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Larry Kudlow For White House Economic Advisor

The departure of Democrat and Hillary Clinton confidant Gary Cohn as Chairman of President Trump’s Council of Economic Advisors opens a key White House position that should be filled by a conservative Trump loyalist who shares the President’s economic vision.

Economist and Wall Street guru Lawrence Kudlow fits that description to a T and we strongly urge the Larry KudlowPresident to appoint Mr. Kudlow to fill the now vacant position.

Mr. Cohn, while he may have had a lot of credibility on Wall Street, by virtue of his former position as chief operating officer at Goldman Sachs, never shared Trump’s America First economic vision regarding tax policy or the other major economic decisions facing the White House. Instead, he represented an establishment governor on the President’s populist economic urges.

Furthermore, as a Democrat, and major Hillary Clinton donor, Cohn had little ability to sell the President’s policies to Republicans, and – if he even tried – he had no success in selling them to his fellow Democrats.

Mr. Kudlow, on the other hand, served in the Office of Management and Budget during President Ronald Reagan’s administration and is highly regarded among Republicans on Capitol Hill and conservatives for his contributions to the Reagan economic boom and for his subsequent writing and commentary advocating pro-growth economic policies.

Kudlow, according to reporting by The Washington Post is described by White House officials as someone who connects with the president personally and politically. Born and raised in New Jersey, Kudlow and Trump share a hard-charging personality and relish being media figures — both have hosted television programs. Kudlow has also been an informal Trump adviser over the past year and was also an adviser to Trump during the 2016 campaign, working closely with now-Secretary of the Treasury Steve Mnuchin on the design of Trump’s well-regarded campaign tax plan.

But Mr. Kudlow is not a typical DC “YES” man. In media appearances in the past month, Kudlow has been critical of Trump’s plan to impose tariffs on steel and aluminum imports.

On March 3, Larry Kudlow joined Steve Moore and Arthur Laffer in a column for that was sharply critical of Trump’s proposal to impose the tariffs.

“Trump should also examine the historical record on tariffs, because they have almost never worked as intended and almost always deliver an unhappy ending,” they wrote, according to The Washington Post.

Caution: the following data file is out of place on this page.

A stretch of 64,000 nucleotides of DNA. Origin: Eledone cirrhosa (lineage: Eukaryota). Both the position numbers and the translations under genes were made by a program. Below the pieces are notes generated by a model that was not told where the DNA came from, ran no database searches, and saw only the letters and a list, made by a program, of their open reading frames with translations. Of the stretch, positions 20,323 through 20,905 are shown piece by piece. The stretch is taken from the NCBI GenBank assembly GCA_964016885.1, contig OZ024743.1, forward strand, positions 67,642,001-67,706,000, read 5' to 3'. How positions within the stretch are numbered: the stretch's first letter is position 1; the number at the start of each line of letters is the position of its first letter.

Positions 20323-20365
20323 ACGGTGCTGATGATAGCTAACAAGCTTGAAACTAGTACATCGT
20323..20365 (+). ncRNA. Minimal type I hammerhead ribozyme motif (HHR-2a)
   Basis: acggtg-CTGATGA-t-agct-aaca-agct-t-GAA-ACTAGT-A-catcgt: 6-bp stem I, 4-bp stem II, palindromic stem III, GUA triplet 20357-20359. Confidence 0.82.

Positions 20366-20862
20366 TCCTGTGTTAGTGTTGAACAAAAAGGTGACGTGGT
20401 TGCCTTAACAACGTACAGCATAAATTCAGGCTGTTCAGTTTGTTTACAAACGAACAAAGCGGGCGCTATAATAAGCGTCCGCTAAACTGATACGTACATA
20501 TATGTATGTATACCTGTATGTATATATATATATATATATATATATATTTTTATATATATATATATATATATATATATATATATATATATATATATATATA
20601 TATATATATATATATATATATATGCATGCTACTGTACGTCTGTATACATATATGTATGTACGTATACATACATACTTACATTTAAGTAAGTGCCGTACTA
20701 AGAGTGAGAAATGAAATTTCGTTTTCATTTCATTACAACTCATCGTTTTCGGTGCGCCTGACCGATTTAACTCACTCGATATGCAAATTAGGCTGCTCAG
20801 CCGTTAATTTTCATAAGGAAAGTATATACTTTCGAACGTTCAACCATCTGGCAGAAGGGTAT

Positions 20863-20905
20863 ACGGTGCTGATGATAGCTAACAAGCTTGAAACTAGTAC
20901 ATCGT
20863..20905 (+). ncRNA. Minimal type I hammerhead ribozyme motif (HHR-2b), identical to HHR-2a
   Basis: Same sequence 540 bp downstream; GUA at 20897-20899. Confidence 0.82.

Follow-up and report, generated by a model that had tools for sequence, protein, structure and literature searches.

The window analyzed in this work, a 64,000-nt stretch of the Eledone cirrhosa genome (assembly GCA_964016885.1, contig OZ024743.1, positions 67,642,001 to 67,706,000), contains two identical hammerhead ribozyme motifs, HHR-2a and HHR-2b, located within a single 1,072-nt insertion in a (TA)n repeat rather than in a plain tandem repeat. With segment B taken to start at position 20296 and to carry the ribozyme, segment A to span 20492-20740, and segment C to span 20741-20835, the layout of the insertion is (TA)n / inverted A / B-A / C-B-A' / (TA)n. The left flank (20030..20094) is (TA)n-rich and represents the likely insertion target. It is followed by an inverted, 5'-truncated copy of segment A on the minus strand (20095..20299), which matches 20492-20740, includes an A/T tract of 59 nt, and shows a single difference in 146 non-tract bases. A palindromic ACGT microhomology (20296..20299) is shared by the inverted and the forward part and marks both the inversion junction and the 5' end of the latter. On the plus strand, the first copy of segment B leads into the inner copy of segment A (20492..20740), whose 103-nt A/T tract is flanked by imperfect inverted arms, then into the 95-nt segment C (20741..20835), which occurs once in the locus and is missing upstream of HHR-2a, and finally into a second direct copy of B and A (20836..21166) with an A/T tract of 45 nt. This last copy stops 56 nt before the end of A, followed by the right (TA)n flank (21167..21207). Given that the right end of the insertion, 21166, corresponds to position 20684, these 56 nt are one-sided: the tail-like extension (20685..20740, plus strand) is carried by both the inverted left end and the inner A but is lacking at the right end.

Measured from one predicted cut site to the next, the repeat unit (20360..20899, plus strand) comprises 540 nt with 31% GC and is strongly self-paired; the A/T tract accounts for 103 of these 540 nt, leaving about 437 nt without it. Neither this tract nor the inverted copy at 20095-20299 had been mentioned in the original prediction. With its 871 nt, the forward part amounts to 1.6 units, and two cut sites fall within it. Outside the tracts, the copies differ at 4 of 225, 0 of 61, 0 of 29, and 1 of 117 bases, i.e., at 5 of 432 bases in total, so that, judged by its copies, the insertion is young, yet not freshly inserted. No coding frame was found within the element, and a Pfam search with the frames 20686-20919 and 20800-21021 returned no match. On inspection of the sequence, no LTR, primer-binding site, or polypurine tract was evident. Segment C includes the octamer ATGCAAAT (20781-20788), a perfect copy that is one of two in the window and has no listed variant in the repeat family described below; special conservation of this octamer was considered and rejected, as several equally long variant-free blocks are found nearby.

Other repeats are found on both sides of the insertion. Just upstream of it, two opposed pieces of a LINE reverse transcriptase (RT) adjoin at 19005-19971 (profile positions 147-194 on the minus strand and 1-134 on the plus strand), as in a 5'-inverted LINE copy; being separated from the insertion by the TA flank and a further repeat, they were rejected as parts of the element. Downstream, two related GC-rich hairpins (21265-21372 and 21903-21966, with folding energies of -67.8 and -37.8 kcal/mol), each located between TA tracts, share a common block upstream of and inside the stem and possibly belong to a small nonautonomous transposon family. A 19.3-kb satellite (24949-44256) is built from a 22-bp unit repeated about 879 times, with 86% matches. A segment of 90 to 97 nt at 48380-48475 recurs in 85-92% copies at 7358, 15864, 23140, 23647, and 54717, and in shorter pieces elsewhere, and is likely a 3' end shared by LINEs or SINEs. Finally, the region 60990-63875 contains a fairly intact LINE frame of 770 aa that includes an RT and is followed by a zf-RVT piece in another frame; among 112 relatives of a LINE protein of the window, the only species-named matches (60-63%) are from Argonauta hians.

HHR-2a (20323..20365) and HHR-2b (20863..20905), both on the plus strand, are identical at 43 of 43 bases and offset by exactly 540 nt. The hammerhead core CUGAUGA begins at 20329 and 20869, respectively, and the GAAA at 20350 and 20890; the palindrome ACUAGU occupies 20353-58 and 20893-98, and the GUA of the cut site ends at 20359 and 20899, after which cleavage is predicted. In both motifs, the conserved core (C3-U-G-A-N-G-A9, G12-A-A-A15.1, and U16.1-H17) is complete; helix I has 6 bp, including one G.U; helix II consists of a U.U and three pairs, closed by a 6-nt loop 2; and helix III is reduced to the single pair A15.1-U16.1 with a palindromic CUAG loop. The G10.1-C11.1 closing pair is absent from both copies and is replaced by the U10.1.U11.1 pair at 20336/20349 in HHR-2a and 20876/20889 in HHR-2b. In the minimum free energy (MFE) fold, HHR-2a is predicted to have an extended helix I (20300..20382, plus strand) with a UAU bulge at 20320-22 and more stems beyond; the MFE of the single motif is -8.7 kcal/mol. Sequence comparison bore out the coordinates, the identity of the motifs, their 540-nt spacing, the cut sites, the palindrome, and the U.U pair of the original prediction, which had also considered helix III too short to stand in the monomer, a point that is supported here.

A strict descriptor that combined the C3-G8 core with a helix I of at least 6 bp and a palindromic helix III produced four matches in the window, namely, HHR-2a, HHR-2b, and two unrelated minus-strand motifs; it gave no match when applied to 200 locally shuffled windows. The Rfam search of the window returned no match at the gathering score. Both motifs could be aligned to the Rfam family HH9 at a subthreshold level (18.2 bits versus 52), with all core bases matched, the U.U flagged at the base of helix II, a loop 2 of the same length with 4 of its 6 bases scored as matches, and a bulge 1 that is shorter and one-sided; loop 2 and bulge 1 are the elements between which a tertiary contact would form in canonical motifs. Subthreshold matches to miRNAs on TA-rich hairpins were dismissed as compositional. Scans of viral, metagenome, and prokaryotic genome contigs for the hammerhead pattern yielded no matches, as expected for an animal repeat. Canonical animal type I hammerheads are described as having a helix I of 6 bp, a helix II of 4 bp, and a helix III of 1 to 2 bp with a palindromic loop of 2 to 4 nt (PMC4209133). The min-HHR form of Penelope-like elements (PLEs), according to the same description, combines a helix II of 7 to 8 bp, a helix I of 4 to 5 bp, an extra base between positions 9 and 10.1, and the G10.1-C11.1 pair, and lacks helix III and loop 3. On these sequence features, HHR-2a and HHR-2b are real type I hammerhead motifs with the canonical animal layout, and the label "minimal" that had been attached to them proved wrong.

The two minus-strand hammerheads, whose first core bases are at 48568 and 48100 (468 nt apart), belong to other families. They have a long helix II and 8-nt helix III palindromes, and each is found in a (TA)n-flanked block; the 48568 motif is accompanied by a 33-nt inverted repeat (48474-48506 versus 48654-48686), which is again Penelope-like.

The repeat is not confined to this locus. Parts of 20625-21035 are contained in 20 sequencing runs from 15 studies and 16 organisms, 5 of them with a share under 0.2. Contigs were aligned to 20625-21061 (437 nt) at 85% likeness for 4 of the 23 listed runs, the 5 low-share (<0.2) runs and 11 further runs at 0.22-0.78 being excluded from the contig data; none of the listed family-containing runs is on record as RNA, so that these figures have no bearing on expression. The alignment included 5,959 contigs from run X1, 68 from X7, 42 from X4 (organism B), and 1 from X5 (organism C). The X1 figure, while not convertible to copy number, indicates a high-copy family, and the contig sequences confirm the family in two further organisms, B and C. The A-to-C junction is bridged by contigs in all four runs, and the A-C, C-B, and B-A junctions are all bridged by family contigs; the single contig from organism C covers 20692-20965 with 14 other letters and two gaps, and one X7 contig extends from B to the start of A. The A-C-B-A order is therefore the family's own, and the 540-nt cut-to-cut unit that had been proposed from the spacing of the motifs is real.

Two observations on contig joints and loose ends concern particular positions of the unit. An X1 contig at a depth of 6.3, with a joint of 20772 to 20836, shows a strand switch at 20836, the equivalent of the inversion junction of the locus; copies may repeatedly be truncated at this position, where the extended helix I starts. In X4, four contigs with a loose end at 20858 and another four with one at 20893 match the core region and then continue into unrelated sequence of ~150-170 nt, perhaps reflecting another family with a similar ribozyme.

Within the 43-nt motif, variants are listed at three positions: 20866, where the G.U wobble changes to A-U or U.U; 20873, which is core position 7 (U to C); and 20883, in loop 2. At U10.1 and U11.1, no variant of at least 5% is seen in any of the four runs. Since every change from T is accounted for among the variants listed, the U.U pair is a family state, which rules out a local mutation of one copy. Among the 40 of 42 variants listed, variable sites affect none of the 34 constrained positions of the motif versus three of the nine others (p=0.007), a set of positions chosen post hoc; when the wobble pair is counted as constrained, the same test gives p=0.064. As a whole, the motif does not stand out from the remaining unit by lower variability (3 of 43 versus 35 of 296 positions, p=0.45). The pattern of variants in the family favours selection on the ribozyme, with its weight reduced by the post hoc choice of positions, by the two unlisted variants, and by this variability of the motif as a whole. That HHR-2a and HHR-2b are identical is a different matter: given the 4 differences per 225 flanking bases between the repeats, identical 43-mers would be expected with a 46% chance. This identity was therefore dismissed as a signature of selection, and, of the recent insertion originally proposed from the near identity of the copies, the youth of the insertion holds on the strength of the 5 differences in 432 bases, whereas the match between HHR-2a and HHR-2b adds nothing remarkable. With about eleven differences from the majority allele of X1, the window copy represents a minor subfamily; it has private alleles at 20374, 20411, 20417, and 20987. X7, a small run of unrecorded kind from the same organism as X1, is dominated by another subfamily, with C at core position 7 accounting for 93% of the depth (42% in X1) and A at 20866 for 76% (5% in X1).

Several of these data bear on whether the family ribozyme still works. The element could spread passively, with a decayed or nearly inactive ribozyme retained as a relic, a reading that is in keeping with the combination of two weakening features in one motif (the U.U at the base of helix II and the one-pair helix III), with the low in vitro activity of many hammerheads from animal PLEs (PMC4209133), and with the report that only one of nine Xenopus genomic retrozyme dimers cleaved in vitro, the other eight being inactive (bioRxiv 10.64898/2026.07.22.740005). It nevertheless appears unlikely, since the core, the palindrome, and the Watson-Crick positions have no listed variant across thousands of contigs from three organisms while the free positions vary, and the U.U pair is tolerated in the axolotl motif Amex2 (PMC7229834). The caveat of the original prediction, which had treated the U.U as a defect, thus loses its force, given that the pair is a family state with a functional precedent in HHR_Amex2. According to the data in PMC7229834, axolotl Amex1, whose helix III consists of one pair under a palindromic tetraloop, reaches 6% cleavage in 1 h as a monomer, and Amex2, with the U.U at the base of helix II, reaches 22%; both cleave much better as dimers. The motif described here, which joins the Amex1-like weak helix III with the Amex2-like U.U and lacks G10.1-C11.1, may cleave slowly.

However, in their recent discussions Kudlow has told Trump that he and the president agree on the bigger points of economic policy, such as a focus on tax cuts and growth, White House insiders report.

Opposition such as that by another candidate might be disqualifying, the column has not disqualified Kudlow from consideration, the people briefed on the discussions said, according to the Washington Post’s reporting.

The other leading candidate for the position appears to be Christopher Liddell. Liddell is a former chief financial officer of General Motors, Microsoft and International Paper. He has been at the White House since last year, but as Robert Costa, Damian Paletta and Josh Dawsey observed in their reporting for the Washington Post, he hasn’t left a distinct impression on economic policy.

"I'm looking at Larry Kudlow very strongly," the President told reporters on the South Lawn as he headed off to California.

"I’ve known him a long time. We don't agree on everything," he said.

"But in this case, I think that’s good."

Trump, who argued he wants differing opinions in the White House, said Kudlow has "come around to believing in tariffs as also a negotiating point," reports The Hill’s Vicki Needham.

“I’m renegotiating great deals. Without tariffs, we wouldn't do nearly as well.”

"It’s a Trumpian way of negotiating," Kudlow said. "You knock them in the teeth and get their attention. And then you kind of work out a deal and I think that's what he’s done. My hat's off to him. He had me really worried. Now I’m not."

Larry Kudlow’s personal relationship with President Trump, his credibility with conservatives and Republicans on and off Capitol Hill, and most importantly, his ability to channel President Trump instead of trying to impose his own ideas make him the ideal candidate for the job of Chairman of the National Economic Council – we strongly urge the President to select Mr. Kudlow for the position without delay.

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